Sunday, February 10, 2008

Panopticism and The Truman Show

With its description of a system that allows one to look in on an unsuspecting subject/person, Michel Foucault's Panopticism greatly informs one's "reading" of the film The Truman Show (1998), directed by Peter Weir. At its core, the movie has at least two fundamental themes/ideas that are similar to those in Panopticism: (1) a prison-like environment where one can be viewed but cannot see the viewer(s) and (2) a psychological experiment that relies on the subject's not knowing whether anyone is watching him/her (or not knowing THAT someone is watching him/her, in the case of The Truman Show). Throughout the film (which itself is a "lens" for viewing), the viewer sees Truman (Jim Carrey) through the lens of a television show, and in that lens, through the FURTHER (literal) lenses of thousands of hidden cameras; thus, not only is Truman the subject of a television show, within the movie, he is the UNKNOWING subject of a television show, which perpetuates this secret fa├žade by way of hidden cameras.

The film portrays the secrecy of these cameras in two specific ways: (1) cameras sit so far INSIDE an object (e.g., inside a wall or mirror) that the viewer actually sees the camera as being BEHIND another object (e.g., behind picture frames and behind the numbers on Truman's car radio), thus oftentimes employing a strange camera angle that a director would not use under regular circumstances, unless he/she is trying to depict a specific/meaningful emotion and (2) cameras sit inside of objects, such as brooches, in a way that the viewer can only tell there IS a camera because the edges of the screen are masked with black or white blurs. With this latter technique, the mask around the hidden camera shows up on the TV screen as an eye (an oval shape), through which we see Truman at the same time others (viewers of the in-film television show) are seeing him on their own television screens. This network of literal and figurative lenses definitely complicates the notion of the panopticon, but it also can be counted as an excellent example of a panopticon-like system of surveillance. The eye-like image further perpetuates the notion of surveillance.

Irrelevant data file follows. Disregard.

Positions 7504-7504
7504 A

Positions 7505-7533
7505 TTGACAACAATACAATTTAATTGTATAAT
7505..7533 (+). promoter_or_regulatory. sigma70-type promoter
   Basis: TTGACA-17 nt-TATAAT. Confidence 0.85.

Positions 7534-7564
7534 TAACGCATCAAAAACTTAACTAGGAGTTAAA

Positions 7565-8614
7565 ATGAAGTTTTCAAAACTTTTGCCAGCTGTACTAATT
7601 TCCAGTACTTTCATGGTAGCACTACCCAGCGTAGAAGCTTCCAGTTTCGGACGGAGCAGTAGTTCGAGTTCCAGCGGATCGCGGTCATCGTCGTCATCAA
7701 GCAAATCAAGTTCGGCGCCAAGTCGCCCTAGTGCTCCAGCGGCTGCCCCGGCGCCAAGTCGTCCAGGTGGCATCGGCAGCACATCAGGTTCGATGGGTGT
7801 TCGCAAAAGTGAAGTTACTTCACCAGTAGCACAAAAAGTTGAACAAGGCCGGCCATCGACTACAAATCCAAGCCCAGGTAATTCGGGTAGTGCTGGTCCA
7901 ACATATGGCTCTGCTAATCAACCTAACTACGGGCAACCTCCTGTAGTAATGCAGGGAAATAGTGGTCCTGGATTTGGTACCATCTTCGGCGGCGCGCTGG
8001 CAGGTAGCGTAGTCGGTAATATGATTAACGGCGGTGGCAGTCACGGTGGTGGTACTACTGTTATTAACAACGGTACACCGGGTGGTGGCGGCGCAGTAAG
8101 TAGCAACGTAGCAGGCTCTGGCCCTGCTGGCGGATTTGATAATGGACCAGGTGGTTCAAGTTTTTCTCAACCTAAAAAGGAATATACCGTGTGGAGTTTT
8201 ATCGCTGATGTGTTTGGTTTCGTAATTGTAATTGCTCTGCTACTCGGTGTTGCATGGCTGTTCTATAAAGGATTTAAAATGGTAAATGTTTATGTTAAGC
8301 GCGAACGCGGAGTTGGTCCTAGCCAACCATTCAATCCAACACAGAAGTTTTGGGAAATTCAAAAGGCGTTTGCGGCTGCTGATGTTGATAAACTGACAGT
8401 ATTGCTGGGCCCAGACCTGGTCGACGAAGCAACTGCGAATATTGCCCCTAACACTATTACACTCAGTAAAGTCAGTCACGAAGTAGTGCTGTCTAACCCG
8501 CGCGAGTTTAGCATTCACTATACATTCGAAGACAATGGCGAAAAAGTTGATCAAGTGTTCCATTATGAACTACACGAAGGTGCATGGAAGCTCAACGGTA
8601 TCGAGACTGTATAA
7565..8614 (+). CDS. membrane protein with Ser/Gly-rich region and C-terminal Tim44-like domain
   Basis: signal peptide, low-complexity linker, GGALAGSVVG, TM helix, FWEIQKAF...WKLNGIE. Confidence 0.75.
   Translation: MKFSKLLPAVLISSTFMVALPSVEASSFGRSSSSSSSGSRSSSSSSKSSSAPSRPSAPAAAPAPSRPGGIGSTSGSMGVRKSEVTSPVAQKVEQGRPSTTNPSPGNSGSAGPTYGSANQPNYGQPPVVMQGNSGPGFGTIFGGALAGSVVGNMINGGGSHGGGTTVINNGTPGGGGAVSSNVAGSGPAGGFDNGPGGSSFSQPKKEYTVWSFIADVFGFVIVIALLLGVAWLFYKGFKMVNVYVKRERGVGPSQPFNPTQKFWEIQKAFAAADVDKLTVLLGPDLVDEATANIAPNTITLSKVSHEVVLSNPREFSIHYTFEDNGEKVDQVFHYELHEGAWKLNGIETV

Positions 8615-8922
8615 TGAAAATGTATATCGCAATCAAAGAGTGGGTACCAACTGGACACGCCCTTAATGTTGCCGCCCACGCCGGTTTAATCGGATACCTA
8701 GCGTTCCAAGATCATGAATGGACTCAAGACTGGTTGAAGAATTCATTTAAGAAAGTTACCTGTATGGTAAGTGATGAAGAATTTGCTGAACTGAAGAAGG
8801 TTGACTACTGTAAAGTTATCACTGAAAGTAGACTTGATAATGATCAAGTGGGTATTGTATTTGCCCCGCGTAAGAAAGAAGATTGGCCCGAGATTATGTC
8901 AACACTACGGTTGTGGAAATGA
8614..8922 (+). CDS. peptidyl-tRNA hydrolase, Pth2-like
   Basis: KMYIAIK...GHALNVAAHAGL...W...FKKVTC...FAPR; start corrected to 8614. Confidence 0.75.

Finally, The Truman Show depicts an environment in which someone is definitely ALWAYS watching, but the question of whether someone is watching has no psychological effect on Truman, as he does not even know he is the subject of a hidden-camera television show. In contract, Panopticism portrays an environment in which someone may or may not be watching, which causes the subject to self-monitor his/her behavior out of fear of punishment for a misdeed. The main difference between these two texts, then, is that The Truman Show features an unwitting subject, while Panopticism shows a subject who is aware of his/her status because he/she has performed an illegal action (prison panopticon), become ill (hospital panopticon), and so on. Truman, for all intents and purposes, is a prisoner of the show within the movie, but he doesn't even know it.

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